An official website of the United States government
Here's how you know
A .mil website belongs to an official U.S. Department of Defense organization in the United States.
A lock (lock ) or https:// means you’ve safely connected to the .mil website. Share sensitive information only on official, secure websites.

Yokota Airmen, US Army improve mission readiness during JPMRC 24-02

  • Published
  • By Senior Airman Natalie Doan
  • 374th Airlift Wing Public Affairs

Airmen assigned to the 36th Airlift Squadron at Yokota Air Base, Japan, conducted a joint forcible entry exercise alongside members of the U.S. Army 2nd Infantry Brigade Combat Team, 11th Airborne Division, during Joint Pacific Multinational Readiness Center 24-02 at Joint Base Elmendorf-Richardson, Alaska, Feb. 8.

Hosted by the Army, JPMRC is an annual exercise that prepares forces for deployment operations in an Arctic environment. It includes situational training and live-fire exercises in an effort to refine the large-scale combat capabilities needed in cold-weather conditions.

During the JFE, members of the 36th AS flew four C-130J Super Hercules aircraft, facilitating the airlift of 200 paratroopers with the 11th AD. The paratroopers then performed an airborne assault into simulated enemy territory.

The 36th AS worked with the Army months in advance to guarantee yet another successful airdrop. This allowed aircrew members to focus on the tactical portions of the mission once they arrived at JBER.

Before the event kicked off, all aircrew members came together for a final day of mission planning. JPMRC 24-02 is the first exercise that has loadmasters fully integrated in the mission planning cell, side-by-side with pilots. As the subject matter experts for ground operations and airdrop planning, they coordinated these aspects of the exercise, establishing user requirements.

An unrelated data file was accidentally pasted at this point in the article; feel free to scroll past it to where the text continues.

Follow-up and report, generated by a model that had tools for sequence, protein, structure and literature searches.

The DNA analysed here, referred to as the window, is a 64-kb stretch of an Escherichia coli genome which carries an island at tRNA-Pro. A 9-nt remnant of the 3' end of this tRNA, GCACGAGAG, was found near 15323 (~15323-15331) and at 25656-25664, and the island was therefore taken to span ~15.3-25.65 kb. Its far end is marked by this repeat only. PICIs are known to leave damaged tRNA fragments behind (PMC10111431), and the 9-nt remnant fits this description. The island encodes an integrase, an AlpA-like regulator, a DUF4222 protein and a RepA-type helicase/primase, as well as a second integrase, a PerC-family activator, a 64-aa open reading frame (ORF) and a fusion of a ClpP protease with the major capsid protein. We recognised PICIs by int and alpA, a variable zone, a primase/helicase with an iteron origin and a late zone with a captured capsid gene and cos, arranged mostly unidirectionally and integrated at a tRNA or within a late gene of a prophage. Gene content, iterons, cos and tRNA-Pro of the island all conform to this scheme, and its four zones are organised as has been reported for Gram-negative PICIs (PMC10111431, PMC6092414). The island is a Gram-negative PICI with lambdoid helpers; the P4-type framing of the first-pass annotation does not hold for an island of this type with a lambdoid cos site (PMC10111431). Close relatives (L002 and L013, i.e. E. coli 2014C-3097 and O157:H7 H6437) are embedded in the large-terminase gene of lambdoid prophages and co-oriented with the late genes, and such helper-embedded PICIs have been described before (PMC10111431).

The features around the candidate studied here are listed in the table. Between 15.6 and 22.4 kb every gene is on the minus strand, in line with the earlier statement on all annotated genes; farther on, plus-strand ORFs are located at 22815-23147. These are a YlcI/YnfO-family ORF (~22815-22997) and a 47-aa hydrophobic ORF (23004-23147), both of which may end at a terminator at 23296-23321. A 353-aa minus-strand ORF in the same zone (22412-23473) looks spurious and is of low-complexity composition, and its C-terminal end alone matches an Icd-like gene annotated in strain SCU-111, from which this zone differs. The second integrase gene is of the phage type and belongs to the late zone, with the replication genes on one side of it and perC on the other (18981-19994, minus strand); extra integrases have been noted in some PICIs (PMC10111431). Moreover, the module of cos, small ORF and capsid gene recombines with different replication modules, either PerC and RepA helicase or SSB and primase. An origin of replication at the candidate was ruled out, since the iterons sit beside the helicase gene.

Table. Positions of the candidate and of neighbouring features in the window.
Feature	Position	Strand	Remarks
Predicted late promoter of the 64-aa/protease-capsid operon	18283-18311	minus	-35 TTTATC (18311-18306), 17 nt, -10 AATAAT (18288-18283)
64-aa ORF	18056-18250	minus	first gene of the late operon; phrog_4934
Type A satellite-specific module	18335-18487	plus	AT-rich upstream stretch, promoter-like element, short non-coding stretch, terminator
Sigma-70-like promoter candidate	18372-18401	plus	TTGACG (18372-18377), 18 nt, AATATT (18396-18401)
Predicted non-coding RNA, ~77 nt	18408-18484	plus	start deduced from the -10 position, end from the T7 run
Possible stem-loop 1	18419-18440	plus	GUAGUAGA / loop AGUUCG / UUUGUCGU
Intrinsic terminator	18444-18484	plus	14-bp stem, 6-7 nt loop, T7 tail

“All of these actions were previously addressed by pilots,” said Staff Sgt. Kaylynn Staba, 36th AS instructor loadmaster. “However, due to the extensive training and experience of all loadmasters, they are better suited to accomplish these actions to a greater level of detail. This is the future of mission planning in the C-130 community and will be a core competency for loadmasters moving forward.”

This integration between pilots and loadmasters proved invaluable for the 36th AS.

“In pre-mission planning, having all members of the crew involved was vital for positive crew resource management and communication for the next day,” said Capt. Jordan Paecht, 36th AS C-130J pilot. “Since the members involved were on the same page from planning the day prior, flying the JFE was the easy part.”

The JFE was not without its challenges, though. With 50 paratroopers aboard each aircraft, the 36th AS could not safely airdrop the paratroopers all at once. They therefore implemented pre-planned tactics, techniques and procedures to return to the drop zone as quickly as possible for subsequent personnel drops.

“JFEs are some of the most unique opportunities for a C-130 pilot,” said Paecht. “Practicing with the four-ship that we brought to JBER provided plenty of opportunities to improve our skills. Everything from large formation basics, to live user coordination, to contingency planning was emphasized to achieve success.”

The 36th AS consistently conducts local training to simulate these aspects of a mission, and exercises like JPMRC give the 36th AS an opportunity to enhance their mission readiness alongside joint partners in a realistic scenario.

“Whenever we have the opportunity to conduct exercises alongside the Army, we are eager to put our efforts to the test,” said Paecht. “Doing this allows us to practice cross-communication between services, consider the ramifications of mission changes and balance priorities as all parties try to maximize our training opportunities.”